What I’ve Learned In My First Year As A Holistic Nutritionist

What I’ve Learned In My First Year As A Holistic Nutritionist

A Facebook memory popped up for me today reminding me that I finished my last class at The Institute Of Holistic Nutrition and started working at a natural health clinic a year ago this week! It’s really refreshing to see these kinds of memories popping up now, opposed to the ones from me in university doing a keg stand or getting “iced” (ha!)

I can hardly believe it’s been a year since I finished school and yet, so many changes have happened and new learnings have come about as to what “holistic nutrition” is all about and what it means to be healthy (in my eyes). If you’ve been following me on social media for a while, you’ll notice my focus and direction have changed over the past year.

But first, let me recap what has happened in the past year …

In all honesty, I was scared. I had already taken a leap into a new profession that held no promise of a prosperous career (not that that’s what its all about, but a nutritionist needs to eat her organic greens!) and now I was out in the world, ready to enhance the lives of many, but not exactly sure how. Sure enough, the combination of my ballsy go-getter nature and fate taking it toll, I landed my first position in the health field at The Root Natural Health Clinic that very week!

After some mentoring under Dr. Lauren Wedlock Brown, ND, I began practicing at The Root Natural Health Clinic in Port Credit where I worked 1:1 with clients to help develop customized meal plans or work on specific health issues together up until April 2017. I didn’t have a specialization at this point, but I was deeply interested in holistic healing for digestive issues, chronic stress and hormonal imbalances. Just as I started a course to continue my learning in my specializations, a friend of mine sent over the job posting for what has turned into being the dreamiest job ever – the Community Manager at Joyous Health!

I had already had a social media background at this point, having previously headed up the social media department at an advertising agency (where I worked on … are you ready for this? Popeyes Chicken Canada!) Hilarious, right?! Fortunately, shortly after I took those social media skills and started freelancing for health and wellness businesses, which morally felt a lot better than telling teenagers to eat fried chicken after school.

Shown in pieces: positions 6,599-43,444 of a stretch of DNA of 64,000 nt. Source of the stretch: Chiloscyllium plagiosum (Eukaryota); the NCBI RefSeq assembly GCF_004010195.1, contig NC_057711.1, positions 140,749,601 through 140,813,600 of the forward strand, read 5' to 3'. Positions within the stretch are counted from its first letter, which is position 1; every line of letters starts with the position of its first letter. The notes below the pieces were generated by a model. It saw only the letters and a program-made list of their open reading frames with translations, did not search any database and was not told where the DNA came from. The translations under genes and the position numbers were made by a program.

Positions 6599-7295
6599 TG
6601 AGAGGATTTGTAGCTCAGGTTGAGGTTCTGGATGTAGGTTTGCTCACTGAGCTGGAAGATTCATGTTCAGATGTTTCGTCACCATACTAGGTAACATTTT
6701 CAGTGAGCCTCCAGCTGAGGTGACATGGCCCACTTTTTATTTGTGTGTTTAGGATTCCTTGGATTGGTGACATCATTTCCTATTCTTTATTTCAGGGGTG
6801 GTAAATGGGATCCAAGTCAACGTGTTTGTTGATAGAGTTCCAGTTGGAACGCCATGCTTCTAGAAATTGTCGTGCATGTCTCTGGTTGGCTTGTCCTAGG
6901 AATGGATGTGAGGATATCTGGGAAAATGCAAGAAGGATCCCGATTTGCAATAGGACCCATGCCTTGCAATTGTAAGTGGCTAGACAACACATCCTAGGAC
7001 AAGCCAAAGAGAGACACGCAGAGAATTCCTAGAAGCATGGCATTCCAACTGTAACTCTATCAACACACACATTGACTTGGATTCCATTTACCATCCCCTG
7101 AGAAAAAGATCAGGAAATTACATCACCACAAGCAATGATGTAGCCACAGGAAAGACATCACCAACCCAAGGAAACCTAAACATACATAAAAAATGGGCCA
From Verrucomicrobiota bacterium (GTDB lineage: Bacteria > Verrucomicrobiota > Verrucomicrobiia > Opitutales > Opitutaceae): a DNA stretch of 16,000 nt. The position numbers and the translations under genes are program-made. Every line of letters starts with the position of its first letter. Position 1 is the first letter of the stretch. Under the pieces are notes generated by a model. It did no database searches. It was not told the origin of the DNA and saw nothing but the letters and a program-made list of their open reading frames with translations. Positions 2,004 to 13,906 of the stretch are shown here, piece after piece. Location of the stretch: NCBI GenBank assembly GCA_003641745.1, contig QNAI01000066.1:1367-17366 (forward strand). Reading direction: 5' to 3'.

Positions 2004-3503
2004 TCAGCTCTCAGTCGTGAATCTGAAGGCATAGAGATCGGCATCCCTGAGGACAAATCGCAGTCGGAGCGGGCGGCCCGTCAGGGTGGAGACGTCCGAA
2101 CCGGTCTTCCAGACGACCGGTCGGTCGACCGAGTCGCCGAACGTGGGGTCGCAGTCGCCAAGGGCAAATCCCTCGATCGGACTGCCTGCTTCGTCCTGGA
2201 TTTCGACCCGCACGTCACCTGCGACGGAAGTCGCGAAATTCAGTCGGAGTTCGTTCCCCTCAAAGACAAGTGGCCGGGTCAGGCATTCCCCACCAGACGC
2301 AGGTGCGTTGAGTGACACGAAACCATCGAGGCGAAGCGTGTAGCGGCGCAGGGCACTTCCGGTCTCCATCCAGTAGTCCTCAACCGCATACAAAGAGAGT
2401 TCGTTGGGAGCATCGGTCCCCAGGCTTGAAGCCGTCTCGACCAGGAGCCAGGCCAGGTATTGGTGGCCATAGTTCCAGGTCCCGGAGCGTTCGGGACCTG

After a nerve-wracking and intensive interview process, I landed the job at Joyous Health and started working with the “Joyous Dream Team” (Joy, Walker, Carol and of course, Vienna) in January 2017. I’ve been fortunate to have the opportunity to wear many hats that involve various duties since jumping into this role: community manager, guest blog writing, recipe creating, marketing initiatives, nutrition research and nutrition consulting (since Joy is not consulting at the moment).

It’s been so fascinating and inspiring to work with such a diverse set of clients who I see 1:1 via Skype, FaceTime or phone since January. Oddly enough, I found that most people who I consulted with already had a lot of nutrition knowledge behind them, but yet, there was something keeping them from reaching their health goals.

Which is when it hit me; nobody needed someone to tell them to drink their green smoothie or to have protein with their kale salad or to drink water. There was something else standing in the way and more often than not, it was a hint of disordered or emotional eating.

As you may already know, disordered eating was a big part of my past. After initially recovering, I thought that I wanted to work with people with eating disorders, but as I moved through recovery, I convinced myself that I wanted to leave that in my past. Little did I realize, it was gradually becoming my new calling. Once I began to sink into it even more, it started to feel really right.